A176949


Composite numbers n for which A176948(n) = n.


5



4, 8, 14, 20, 26, 32, 38, 44, 50, 56, 62, 68, 74, 77, 80, 86, 98, 104, 110, 116, 119, 122, 128, 134, 140, 143, 146, 152, 158, 161, 164, 170, 182, 187, 188, 194, 200, 203, 206, 209, 212, 218, 221, 224, 230, 236, 242, 248, 254, 266, 272, 278, 284, 290, 296, 299, 302
(list;
graph;
refs;
listen;
history;
text;
internal format)



OFFSET

1,1


COMMENTS

If p >= 3 is prime, then A176948(p) = p. The sequence lists composite numbers with this property.
It is interesting that there is a large overlap with terms in A140164 (but there are exceptions, e.g. 77).
From Daniel Forgues, Jul 15 2016: (Start)
Composite numbers n which are not of form (k/2)*[(m2)*k  (m4)] for any m >= 3 and k >= 3, thus not mgonal numbers for any order k >= 3.
An mgonal number, m >= 3, i.e. of form n = (k/2)*[(m2)*k  (m4)], yields a nontrivial factorization of n if and only if k >= 3. (End)
Since we are looking for solutions of (m2)*k^2  (m4)*k  2*n = 0,
with m >= 3 and k >= 3, the largest order k we need to consider is
k = {(m4) + sqrt[(m4)^2 + 8*(m2)*n]}/[2*(m2)] with m = 3, thus
k <= (1/2)*{1 + sqrt[1 + 8*n]}.
Or, since we are looking for solutions of 2n = m*k*(k1)  2*k*(k2),
with m >= 3 and k >= 3, the largest m we need to consider is
m = [2n + 2*k*(k2)]/[k*(k1)] with order k = 3, thus m <= (n+3)/3.
Composite numbers n which are divisible by 3 are mgonal numbers of order 3, with m = (n + 3)/3. Thus all a(n) are coprime to 3.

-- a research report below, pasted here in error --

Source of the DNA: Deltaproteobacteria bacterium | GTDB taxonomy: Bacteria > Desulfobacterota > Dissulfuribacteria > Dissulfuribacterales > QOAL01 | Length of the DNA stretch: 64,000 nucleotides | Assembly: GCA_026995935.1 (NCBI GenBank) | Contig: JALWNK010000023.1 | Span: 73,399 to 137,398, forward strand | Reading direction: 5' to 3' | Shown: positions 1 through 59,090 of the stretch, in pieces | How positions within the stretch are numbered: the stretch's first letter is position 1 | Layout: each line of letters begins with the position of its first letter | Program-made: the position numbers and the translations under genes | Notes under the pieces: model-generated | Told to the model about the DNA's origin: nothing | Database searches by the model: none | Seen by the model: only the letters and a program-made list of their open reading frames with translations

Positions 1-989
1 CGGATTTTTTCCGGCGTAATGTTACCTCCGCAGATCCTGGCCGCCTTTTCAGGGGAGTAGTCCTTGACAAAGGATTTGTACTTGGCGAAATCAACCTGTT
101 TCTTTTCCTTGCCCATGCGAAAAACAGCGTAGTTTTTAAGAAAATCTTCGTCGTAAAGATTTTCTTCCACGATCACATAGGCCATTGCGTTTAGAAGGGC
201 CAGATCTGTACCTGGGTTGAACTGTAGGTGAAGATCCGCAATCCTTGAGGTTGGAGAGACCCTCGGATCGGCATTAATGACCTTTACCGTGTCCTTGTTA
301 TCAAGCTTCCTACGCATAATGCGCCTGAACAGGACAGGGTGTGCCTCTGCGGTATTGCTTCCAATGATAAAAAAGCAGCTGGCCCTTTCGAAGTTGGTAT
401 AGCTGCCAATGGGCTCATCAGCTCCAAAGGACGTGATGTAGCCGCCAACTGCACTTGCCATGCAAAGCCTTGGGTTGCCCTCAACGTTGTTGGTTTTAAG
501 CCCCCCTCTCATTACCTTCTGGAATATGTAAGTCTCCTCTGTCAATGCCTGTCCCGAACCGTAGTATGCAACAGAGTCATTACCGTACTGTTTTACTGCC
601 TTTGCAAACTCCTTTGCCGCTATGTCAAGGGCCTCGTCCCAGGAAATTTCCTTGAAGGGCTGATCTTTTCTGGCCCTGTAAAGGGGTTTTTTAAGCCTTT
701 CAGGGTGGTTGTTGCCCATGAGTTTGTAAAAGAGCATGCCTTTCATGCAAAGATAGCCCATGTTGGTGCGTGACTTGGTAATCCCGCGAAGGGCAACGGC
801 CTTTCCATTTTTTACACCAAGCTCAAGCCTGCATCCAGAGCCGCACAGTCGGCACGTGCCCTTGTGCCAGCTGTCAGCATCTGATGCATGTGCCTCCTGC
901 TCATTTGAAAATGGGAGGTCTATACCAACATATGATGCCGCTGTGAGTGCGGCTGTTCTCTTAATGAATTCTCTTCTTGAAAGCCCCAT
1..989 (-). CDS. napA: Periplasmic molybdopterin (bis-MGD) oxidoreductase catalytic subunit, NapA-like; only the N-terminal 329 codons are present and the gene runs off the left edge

Odd composite numbers n which are divisible by 5 are mgonal numbers of order 5, with m = (n + 15)/10. Thus all odd a(n) are coprime to 5.
a(1) = 4 is the only square number: 4gonal with order k = 2. (End)
An integer n which is congruent to k (mod t_{k1}) with 3 <= t_{k1} < n, i.e. n = j * t_{k1} + k with k >= 3 and j >= 1, is an mgonal number of order k, with m = j + 2, where t_{k1} is a triangular number. If all the congruence tests fail, a composite n belongs to this sequence.  Daniel Forgues, Aug 02 2016


LINKS

Giovanni Resta, Table of n, a(n) for n = 1..10000
OEIS Wiki, Polygonal numbers


EXAMPLE

8 is in the sequence since it is composite and is an octagonal number, but not a heptagonal number, hexagonal number, pentagonal number, etc. 10 is not in the sequence because even though it is composite and a decagonal number, it is also a triangular number: 10 = 1 + 2 + 3 + 4.  Michael B. Porter, Jul 16 2016


MATHEMATICA

Select[Range[302], CompositeQ@ # && FindInstance[n*(4 + n*(s2)  s)/2 == # && s >= 3 && n >= 3, {s, n}, Integers] == {} &] (* Giovanni Resta, Jul 13 2016 *)


PROG

(Sage)
def is_a(n):
if is_prime(n): return false
for m in (3..(n+3)//3):
if pari('ispolygonal')(n, m):
return false
return true
print [n for n in (3..302) if is_a(n)] # Peter Luschny, Jul 28 2016
(PARI) listc(nn) = {forcomposite(c=1, nn, sp = c; forstep(k=c, 3, 1, if (ispolygonal(c, k), sp=k); ); if (sp == c, print1(c, ", ")); ); } \\ Michel Marcus, Sep 06 2016


CROSSREFS

Cf. A175873, A176744, A176747, A176774, A176775, A176874, A176948, A274967, A274968.
Sequence in context: A189676 A067699 A066941 * A274968 A173522 A049420
Adjacent sequences: A176946 A176947 A176948 * A176950 A176951 A176952


KEYWORD

nonn


AUTHOR

Vladimir Shevelev, Apr 29 2010, Apr 30 2010


EXTENSIONS

Offset corrected and sequence extended by R. J. Mathar, May 03 2010


STATUS

approved